Twenty years after saying no to the euro, Swedes remain attached to the kronabut the single European currency has recently won some supporters because of the weak Swedish economy, according to a poll released today.

On 14 September 2003 Sweden rejected the proposal to adopt the euro, with a percentage of 56% against 42%, although the then Social Democratic government, employers’ associations and the media were all in favour. Twenty years later, Swedes still don’t want the euro: 47% are against the adoption of the single currency, 30% are in favor and 13% did not express an opinion, in a poll by the company Ipsos on behalf of the newspaper Dagens Nyheter.

However, in recent months, mainly due to the devaluation of the koruna, the “objections to the euro” have decreased.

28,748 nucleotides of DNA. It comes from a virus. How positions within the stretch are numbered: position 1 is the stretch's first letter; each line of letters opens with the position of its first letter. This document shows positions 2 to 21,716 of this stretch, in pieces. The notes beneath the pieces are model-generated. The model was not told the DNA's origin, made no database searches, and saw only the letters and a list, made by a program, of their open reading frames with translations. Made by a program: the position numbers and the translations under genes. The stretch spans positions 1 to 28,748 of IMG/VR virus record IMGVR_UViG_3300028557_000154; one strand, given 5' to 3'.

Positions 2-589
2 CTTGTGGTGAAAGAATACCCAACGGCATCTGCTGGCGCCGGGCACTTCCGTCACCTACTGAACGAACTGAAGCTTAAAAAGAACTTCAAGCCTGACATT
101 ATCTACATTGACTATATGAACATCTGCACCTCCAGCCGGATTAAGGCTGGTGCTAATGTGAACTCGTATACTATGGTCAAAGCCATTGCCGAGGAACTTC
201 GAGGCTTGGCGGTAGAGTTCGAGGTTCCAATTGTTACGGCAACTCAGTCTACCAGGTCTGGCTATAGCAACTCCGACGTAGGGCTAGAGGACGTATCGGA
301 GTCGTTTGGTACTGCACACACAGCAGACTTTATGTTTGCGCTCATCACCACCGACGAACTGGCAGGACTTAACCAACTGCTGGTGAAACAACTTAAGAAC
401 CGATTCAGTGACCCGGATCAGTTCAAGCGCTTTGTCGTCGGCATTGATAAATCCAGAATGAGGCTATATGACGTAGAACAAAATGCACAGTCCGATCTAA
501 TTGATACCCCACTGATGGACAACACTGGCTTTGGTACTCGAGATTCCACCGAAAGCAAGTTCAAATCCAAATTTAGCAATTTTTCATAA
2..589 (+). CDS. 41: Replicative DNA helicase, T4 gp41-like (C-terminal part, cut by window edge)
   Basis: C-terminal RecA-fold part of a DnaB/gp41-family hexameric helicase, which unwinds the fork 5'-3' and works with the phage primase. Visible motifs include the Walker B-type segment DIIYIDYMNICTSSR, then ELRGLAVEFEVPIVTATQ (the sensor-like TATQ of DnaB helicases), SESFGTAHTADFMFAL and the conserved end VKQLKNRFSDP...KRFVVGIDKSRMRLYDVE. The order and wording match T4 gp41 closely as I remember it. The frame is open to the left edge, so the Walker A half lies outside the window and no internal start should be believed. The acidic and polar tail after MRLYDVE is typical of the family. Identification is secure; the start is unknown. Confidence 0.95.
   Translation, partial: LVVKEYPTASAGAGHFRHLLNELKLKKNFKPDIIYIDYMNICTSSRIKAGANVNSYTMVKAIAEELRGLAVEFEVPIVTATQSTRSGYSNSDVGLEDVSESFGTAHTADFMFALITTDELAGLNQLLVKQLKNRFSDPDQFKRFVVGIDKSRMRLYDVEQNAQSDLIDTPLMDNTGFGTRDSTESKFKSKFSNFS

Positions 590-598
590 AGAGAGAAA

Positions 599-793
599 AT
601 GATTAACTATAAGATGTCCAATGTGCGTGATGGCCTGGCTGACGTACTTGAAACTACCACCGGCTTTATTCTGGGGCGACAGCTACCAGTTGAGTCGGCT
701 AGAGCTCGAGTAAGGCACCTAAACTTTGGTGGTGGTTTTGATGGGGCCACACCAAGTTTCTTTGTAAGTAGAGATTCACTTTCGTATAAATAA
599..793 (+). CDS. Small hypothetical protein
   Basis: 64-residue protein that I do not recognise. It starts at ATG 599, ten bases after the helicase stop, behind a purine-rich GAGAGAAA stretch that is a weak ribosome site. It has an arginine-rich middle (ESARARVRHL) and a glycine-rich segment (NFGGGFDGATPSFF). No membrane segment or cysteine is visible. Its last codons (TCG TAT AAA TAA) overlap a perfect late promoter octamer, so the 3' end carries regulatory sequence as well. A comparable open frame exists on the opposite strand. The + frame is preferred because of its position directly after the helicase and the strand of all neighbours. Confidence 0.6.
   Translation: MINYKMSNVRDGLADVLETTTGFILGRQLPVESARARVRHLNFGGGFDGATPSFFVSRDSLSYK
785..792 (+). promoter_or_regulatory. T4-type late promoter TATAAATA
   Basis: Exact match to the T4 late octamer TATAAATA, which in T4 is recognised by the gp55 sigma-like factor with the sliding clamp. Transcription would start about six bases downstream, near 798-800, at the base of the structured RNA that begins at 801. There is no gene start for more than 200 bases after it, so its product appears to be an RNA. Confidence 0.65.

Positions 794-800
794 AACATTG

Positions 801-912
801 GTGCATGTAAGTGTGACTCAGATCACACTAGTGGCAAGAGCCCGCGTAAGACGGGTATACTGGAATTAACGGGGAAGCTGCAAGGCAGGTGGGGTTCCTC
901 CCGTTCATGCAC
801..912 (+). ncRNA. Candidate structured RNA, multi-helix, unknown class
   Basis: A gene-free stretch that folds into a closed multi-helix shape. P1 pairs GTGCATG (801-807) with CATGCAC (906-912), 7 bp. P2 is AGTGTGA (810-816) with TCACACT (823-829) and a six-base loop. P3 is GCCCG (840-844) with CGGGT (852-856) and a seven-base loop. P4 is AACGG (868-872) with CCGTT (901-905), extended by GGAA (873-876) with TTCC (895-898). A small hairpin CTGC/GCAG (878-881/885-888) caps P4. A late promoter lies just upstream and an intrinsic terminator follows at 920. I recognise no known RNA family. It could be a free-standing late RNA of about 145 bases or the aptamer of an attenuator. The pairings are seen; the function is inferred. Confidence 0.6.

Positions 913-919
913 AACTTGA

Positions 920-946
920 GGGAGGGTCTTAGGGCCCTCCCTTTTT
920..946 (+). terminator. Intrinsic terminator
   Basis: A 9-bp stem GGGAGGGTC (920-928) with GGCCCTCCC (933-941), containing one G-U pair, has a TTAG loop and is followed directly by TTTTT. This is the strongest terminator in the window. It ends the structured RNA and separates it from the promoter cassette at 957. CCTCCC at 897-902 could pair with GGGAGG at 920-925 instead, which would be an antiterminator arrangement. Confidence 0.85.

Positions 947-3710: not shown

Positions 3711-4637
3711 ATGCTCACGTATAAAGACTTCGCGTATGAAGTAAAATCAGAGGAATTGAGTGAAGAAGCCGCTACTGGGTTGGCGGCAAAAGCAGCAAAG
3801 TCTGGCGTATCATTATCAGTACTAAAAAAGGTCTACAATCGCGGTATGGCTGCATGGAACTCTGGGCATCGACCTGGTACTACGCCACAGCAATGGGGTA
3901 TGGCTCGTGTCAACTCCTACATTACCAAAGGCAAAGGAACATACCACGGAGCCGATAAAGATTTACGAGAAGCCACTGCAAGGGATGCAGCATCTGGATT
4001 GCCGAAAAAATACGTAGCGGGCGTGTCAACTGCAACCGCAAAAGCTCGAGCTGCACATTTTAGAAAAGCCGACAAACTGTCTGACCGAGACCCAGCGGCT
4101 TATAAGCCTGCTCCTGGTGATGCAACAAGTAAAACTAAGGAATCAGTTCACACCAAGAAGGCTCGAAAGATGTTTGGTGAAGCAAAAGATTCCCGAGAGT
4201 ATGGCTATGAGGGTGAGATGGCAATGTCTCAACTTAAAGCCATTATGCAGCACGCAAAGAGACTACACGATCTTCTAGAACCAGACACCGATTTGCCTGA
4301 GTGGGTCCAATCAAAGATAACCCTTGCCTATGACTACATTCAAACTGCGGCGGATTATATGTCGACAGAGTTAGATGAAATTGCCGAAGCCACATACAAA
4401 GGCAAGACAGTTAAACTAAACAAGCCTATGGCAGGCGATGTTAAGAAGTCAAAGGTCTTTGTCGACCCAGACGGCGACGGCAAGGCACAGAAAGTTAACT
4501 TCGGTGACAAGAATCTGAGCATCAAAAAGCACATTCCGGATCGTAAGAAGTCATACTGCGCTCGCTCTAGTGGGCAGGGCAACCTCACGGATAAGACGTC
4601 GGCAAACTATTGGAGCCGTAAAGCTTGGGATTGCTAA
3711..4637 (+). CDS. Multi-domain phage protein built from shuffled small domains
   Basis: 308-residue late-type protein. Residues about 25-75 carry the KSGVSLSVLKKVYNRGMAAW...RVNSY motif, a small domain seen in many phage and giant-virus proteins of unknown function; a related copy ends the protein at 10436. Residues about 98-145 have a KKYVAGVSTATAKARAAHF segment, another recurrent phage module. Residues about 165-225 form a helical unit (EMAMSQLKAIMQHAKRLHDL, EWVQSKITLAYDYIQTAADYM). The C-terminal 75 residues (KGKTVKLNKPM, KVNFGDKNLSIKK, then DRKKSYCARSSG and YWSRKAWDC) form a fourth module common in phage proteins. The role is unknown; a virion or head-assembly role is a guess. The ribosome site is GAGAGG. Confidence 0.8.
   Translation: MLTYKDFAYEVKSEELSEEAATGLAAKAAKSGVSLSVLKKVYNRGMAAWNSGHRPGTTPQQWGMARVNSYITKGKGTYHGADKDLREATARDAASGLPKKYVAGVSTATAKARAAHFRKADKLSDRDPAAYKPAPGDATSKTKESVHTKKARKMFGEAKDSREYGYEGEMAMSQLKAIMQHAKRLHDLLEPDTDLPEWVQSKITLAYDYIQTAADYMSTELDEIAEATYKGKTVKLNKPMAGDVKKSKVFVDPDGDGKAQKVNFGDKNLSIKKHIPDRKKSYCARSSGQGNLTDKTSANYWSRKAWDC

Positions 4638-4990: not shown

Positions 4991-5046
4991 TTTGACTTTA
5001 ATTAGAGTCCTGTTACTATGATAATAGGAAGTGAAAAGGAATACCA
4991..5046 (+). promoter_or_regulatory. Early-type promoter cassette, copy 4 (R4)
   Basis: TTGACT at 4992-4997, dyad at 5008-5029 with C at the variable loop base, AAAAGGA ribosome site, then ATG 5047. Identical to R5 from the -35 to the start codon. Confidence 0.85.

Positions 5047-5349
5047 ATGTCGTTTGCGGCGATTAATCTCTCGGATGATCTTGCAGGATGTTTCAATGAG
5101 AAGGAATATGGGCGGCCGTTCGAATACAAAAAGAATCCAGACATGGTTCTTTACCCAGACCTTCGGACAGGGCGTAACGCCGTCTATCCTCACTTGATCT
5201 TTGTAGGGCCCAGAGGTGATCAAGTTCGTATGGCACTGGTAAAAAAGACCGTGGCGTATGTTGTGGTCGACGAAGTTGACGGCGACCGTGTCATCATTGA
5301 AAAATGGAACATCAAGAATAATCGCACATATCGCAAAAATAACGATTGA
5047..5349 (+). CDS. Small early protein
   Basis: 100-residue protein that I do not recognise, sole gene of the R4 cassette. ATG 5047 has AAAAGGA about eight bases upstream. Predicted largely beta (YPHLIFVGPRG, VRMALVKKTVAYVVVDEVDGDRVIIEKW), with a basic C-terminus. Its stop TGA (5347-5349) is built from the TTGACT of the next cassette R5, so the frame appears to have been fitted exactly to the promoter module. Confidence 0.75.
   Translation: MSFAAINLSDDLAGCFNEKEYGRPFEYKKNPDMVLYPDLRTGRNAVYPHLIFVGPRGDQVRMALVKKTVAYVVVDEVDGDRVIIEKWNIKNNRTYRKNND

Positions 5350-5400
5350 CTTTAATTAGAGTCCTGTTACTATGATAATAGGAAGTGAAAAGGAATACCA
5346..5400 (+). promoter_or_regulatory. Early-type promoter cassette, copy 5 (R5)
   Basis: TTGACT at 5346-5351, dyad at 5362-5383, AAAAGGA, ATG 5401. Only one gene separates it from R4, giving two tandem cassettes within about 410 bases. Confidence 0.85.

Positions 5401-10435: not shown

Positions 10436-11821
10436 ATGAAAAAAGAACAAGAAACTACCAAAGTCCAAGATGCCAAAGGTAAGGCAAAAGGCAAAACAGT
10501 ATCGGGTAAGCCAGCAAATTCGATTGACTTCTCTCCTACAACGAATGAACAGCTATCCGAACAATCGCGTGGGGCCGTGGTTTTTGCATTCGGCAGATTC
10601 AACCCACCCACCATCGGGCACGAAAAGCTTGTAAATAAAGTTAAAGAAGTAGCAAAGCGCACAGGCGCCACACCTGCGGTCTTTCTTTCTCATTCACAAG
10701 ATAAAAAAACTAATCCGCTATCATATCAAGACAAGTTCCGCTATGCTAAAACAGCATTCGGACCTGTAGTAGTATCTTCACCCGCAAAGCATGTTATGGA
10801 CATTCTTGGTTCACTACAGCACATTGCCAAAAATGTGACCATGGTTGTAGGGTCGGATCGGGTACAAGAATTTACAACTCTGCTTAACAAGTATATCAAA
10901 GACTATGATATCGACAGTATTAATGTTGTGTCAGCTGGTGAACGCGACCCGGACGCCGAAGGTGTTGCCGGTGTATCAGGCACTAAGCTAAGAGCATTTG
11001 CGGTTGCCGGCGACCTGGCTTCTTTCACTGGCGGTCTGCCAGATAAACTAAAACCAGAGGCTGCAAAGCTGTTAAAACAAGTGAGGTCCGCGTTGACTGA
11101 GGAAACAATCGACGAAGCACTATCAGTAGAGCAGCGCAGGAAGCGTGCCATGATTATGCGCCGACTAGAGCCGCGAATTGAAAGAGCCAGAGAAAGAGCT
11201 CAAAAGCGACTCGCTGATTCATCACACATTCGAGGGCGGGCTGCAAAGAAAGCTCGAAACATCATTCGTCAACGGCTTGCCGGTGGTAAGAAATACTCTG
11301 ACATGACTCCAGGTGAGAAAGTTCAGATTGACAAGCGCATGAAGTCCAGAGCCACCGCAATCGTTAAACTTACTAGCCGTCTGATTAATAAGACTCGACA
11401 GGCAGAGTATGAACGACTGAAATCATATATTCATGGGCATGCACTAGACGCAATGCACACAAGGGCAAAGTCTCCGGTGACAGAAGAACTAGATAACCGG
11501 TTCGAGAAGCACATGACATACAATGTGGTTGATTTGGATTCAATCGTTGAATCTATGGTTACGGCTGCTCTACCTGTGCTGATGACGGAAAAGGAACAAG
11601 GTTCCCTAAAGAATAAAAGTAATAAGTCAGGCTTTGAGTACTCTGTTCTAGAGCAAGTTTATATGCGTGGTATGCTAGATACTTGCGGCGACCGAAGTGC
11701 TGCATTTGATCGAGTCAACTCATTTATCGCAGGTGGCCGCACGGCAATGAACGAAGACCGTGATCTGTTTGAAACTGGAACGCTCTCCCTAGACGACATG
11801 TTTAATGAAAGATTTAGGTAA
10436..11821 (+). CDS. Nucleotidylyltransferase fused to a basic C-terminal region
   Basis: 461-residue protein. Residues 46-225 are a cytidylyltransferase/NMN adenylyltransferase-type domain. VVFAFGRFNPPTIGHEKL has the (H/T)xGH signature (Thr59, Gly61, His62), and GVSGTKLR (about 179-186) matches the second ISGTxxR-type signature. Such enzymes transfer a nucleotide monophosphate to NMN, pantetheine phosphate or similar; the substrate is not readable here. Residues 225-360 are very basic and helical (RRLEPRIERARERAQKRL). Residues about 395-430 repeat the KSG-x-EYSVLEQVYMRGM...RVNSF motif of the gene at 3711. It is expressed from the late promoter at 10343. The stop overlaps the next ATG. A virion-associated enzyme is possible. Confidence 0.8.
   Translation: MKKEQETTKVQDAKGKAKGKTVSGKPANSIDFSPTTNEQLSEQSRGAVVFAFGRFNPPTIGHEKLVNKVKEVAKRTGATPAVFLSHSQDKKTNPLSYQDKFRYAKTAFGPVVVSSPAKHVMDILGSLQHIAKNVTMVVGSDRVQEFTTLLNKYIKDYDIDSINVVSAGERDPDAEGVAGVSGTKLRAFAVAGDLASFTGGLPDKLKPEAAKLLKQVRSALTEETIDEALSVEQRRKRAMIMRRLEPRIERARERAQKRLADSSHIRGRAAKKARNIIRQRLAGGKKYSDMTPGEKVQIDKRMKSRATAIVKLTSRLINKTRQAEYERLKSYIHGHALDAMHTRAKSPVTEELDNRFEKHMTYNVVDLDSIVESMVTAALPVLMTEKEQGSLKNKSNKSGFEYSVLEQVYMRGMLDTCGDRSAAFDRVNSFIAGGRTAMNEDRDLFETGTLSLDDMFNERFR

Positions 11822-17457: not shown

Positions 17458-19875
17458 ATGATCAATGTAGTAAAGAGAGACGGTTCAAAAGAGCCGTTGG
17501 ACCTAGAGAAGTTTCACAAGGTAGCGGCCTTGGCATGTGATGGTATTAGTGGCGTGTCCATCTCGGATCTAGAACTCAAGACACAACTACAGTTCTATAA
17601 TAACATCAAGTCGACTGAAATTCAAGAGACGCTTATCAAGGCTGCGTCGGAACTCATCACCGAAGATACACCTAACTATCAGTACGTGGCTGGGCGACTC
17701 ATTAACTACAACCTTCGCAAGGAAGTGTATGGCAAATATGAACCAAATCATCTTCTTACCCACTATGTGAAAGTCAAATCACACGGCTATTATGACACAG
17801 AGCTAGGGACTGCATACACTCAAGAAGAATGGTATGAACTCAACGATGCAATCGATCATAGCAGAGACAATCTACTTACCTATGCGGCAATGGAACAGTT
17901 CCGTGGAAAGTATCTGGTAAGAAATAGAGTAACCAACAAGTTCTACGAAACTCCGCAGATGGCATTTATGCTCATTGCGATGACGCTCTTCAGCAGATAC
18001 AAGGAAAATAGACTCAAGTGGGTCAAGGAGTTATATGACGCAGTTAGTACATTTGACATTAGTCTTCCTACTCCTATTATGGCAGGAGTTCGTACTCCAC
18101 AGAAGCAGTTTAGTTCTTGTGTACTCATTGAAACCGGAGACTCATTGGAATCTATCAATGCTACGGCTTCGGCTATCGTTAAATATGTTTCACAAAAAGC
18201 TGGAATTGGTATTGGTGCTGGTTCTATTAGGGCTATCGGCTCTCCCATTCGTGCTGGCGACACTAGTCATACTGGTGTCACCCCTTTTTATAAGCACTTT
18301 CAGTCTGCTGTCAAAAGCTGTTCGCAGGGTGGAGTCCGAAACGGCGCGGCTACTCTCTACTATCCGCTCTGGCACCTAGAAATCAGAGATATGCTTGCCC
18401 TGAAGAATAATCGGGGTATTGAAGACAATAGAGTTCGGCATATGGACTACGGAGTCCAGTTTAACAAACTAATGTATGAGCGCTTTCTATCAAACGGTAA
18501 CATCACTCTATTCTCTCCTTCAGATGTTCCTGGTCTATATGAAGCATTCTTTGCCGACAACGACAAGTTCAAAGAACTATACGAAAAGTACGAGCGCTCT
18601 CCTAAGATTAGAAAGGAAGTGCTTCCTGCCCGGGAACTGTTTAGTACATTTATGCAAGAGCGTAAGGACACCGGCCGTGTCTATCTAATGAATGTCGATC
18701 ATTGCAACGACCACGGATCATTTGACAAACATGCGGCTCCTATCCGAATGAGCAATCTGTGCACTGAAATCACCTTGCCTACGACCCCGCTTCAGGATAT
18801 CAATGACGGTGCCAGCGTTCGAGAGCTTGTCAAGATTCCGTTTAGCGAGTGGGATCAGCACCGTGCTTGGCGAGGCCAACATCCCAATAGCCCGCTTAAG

“Inflation (high food, electricity and fuel prices) which accelerated last year, as well as the sharp rise in interest rates affecting household finances, brought the euro into the news,” said Niklas Kellebring, an analyst at Ipsos. , speaking to AFP. “The fact that the Swedish krona has been devalued and that part of the inflation is imported has changed the opinion of Swedish voters about the euro,” he added.

The koruna fell to its lowest level against the euro in late August.

The poll was conducted on a sample of 1,291 people who have the right to vote, between August 15-27.